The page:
Prime minister and leader

Wilson's achievements as Prime minister outweighs his failures as he was able to get Labour into power after a phenomenal thirteen years of Conservative rule. His main achievement as Labour leader was to get the party into power in 1964. He did this by making the party respectable and untied. This was achieved not only by his own hard work, but the failures of the Conservative government, such as not joining the E. E. C. and there being a continuous rise in unemployment.

He also promised so much in his manifesto, such as the 'White Heat of Technology', which was to endorse money into scientific projects to hopefully increase Britain's potential competitiveness in trade on a worldwide scale. Although Wilson was unable to fulfil his promise of the 'White Heat of Technology' as all the proposed research went into 'arms' and Concorde projects. This was due to opposition from civil servants of the Treasury, who would not allocate money to the Prime Ministers for his proposed developments.

Wilson's character also enabled him to gain power in the 1964 election, as he was young, charismatic and 'fresh' compared to Macmillan who was considered part of the establishment and out of touch with the young electoral. This seemed to be a big achievement as the Conservatives had been in power for the last thirteen years. Other attributes of Wilson as Prime Minister was the devaluation of the pound in 1967. Devaluation was needed due to the pound being weak as British products were over priced and therefore foreign countries would not pay the required price for them.

The decision to devaluate was due to a balance-of-payments being incorrect because of the Dock Strikes in 1967, which caused a decrease in exports and an increase in imports. Although, Wilson should have devalued earlier on in his term as PM, which he did not due to him not wanting to be remembered as 'the party who devalued. ' If he had devalued earlier then the economy may have recovered much more rapidly and stagnation may not have occurred. This could therefore be one of his main failures as PM due to stagnation proving to be a prime aspect to the economy being in a severe state of failure.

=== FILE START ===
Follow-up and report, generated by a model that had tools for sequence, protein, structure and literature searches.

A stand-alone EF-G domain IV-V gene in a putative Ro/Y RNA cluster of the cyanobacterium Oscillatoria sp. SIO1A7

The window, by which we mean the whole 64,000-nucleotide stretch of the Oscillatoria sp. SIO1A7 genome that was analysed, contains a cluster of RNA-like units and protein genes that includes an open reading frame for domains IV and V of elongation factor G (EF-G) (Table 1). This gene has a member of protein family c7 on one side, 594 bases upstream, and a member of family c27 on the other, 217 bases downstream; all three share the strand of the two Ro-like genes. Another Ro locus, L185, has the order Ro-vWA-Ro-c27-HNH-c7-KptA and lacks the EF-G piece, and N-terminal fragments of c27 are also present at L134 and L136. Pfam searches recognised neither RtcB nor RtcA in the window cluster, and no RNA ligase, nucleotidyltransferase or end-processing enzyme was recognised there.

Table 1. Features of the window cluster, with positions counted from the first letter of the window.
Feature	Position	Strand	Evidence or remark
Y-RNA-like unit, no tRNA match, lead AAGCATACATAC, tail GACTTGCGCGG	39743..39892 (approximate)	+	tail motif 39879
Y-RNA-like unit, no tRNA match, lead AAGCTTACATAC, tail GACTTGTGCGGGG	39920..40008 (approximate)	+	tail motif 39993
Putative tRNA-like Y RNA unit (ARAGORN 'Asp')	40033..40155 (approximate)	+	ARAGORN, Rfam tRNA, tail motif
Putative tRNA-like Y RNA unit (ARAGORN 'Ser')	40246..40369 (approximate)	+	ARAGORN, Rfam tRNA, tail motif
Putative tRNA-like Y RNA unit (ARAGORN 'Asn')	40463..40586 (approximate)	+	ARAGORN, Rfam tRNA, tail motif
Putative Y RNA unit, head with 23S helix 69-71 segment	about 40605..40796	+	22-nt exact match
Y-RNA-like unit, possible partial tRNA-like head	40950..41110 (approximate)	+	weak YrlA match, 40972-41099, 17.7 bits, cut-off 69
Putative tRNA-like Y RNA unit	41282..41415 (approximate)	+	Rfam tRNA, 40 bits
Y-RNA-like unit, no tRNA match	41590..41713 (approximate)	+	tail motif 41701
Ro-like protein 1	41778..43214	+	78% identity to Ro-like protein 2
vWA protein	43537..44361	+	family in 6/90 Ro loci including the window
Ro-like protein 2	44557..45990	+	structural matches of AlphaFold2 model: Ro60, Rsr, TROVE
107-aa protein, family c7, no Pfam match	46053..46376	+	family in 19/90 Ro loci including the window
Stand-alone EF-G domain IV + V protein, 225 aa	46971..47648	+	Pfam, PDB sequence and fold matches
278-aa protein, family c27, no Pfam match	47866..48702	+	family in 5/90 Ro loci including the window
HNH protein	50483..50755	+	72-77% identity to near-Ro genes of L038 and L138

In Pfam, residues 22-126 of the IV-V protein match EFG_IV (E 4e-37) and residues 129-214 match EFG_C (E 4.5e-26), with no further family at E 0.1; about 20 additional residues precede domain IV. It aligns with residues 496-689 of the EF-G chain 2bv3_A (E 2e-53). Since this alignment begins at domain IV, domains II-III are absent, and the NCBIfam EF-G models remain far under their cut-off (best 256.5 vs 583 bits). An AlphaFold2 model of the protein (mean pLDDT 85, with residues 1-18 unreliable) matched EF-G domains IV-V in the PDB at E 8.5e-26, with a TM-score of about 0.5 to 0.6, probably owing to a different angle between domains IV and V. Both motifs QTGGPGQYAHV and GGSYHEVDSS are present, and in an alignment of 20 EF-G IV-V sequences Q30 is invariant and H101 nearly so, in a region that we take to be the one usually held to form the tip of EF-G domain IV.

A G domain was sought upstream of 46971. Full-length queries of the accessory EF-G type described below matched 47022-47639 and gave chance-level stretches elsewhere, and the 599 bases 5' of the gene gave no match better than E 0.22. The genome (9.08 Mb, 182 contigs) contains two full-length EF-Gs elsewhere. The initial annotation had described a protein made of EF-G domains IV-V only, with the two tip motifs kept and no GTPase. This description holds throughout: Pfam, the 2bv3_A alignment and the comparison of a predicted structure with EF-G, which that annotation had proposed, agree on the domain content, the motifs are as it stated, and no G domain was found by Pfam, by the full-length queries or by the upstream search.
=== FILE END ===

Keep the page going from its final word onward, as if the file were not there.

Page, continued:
Despite this though, devaluation was bold and paid off in the long run as in the 1970's the economy did start to recover although this was relative to other European and Middle-eastern countries. Wilson's also attempted to create much better relations between the government and the Trade Unions. Barbara Castle, a Labour MP, proposed the White Paper named 'In place of strife' which planned to put restraints on the trade unions, such as not being able to strike without holding a ballot first with a majority in favour of a strike and being able to demand wage increases.

This was an achievement, because it did prove very popular with the public and it addressed the problems between the trade unions and the government. However, due to opposition within the Labour Party (Callaghan) this proposal was not passed, as it was unpopular with the Trade Unionists, and Callaghan was adamant that it should "be left up to the Conservatives to sort out the problem" (as this would cause major discontent).

This could be considered one, maybe the, major failure of his career, as he was not able to stand up to his own party for his beliefs. This also showed that he was not in full control of his party. Also due to not tackling the trade unions this did not help improve the economy. However Wilson's successes were few and far between as one of his most noticeable failures being PM was being refused to join the European Economic Community.

This was due to different contributing factors, but mainly due to the British economy being too weak, which he did not seem to have a plan of action to try and correct as he had no real regulation or procedure for raising production or exports which were the main factors as to why the economy was not up to the same standard as other European and Middle-eastern countries. Overall at during the period 1963-70 Wilson was a failure as a PM as he dashed high hopes of the electoral as he did not carry out his pledges in his manifesto, such as increasing the school leaving age and increasing the number of homes being built.

Although this was actually due to the state of the economy, which was left by the Conservative government, therefore Wilson was only a failure of as a PM not as a leader though. Although Wilson did lose power in 1970 which can be seen as a failure as both a PM and as a leader although he did exceedingly well to win the 1974 election, which shows that he must have done a good job in the government previously otherwise the electoral would not have voted for him.